Myers, who might be considered the biggest no-nonsense coach in the Mid-Penn Conference, knows the value of unselfish players like Truesdale.
And he can't hide his appreciation for the relentlessness and perseverance that preceded Truesdale's varsity success.
The youngest of five siblings and step-siblings -- brother Jared Truesdale (Class of 2013) was a quarterback, and step-brother Luke Mrakovich (Class of 2017) was also a standout athlete with the Blue Raiders -- the three-sport athlete wasn't even a varsity starter until Week 7 of his junior season.
Kyle Truesdale was starting junior varsity and serving as a varsity backup at free safety when starting weakside safety Corbin Stetler broke his collarbone in Week 6 last year vs. Palmyra.
"I was just working from the bottom of the totem pole," Truesdale said of when he finally got his chance to start last October. "I was just thinking I have to prepare, and I can't let my team down. But no matter what, we'll be OK because we all have each other."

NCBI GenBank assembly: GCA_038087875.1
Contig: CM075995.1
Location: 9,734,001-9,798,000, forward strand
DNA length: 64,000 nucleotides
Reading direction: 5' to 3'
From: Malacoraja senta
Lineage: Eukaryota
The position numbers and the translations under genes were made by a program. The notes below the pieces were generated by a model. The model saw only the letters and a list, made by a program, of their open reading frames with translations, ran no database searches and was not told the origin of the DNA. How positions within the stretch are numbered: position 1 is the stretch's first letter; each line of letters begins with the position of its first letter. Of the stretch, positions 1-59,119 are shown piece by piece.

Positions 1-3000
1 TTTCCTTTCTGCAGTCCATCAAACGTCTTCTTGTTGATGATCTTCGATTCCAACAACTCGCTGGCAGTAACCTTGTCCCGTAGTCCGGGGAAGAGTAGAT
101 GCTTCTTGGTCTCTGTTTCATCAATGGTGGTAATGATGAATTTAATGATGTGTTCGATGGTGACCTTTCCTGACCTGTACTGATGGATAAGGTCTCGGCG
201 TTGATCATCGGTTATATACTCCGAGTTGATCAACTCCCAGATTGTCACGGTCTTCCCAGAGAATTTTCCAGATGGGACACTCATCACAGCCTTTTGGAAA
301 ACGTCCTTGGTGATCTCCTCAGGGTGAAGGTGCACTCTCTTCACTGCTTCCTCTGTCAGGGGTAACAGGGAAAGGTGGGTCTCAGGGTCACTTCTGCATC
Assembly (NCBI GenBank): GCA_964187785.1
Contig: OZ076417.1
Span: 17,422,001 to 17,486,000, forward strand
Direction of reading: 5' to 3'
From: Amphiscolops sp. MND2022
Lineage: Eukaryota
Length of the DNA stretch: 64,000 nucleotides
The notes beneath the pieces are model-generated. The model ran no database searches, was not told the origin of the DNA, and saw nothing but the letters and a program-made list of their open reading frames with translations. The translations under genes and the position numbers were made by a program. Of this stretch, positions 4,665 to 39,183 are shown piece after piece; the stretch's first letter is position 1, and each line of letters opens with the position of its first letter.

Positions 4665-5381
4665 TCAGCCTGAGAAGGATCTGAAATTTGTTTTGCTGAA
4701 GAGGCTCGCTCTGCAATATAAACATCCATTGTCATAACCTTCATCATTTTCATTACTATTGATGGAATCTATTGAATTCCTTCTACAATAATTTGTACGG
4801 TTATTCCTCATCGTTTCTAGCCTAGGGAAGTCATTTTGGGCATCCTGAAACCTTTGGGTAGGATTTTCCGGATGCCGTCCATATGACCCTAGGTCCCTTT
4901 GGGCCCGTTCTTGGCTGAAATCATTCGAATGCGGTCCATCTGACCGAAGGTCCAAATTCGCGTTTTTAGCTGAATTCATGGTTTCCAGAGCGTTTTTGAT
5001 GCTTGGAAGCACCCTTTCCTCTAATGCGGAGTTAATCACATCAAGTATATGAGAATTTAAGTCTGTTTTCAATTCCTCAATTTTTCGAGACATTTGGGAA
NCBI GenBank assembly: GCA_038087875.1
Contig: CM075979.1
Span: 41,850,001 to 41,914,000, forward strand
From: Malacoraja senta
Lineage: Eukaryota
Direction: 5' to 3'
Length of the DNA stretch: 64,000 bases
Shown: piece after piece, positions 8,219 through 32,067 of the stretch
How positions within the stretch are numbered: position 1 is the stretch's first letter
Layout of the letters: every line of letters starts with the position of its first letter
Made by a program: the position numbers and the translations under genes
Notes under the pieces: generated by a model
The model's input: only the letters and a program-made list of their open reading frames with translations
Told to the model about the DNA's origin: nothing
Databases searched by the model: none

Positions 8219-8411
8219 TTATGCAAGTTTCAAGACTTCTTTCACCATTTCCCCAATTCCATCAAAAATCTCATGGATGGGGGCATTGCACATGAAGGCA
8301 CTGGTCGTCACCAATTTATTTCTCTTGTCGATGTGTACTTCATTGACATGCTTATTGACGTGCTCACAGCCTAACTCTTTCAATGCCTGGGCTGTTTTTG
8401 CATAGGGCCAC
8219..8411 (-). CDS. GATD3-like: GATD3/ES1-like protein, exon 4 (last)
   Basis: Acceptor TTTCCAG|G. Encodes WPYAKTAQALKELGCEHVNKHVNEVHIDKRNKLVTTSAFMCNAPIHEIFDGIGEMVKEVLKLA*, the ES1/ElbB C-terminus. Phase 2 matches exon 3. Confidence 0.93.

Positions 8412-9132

He was an immediate success.
"We didn't have to make any adjustments taking a JV football player and putting him out there," Myers said. "He was pretty darn good."
By the time the season ended with the team's only loss in the state championship game, Truesdale ranked third on the team in tackles despite starting only half the season.
And he's proven his value over and over by being more than just a standout weakside safety, which Myers argues might be the most important position in the team's 4-2-5 defense.
He'll slide into linebacker or even onto the defensive line without missing a beat. He also plays myriad roles on special teams.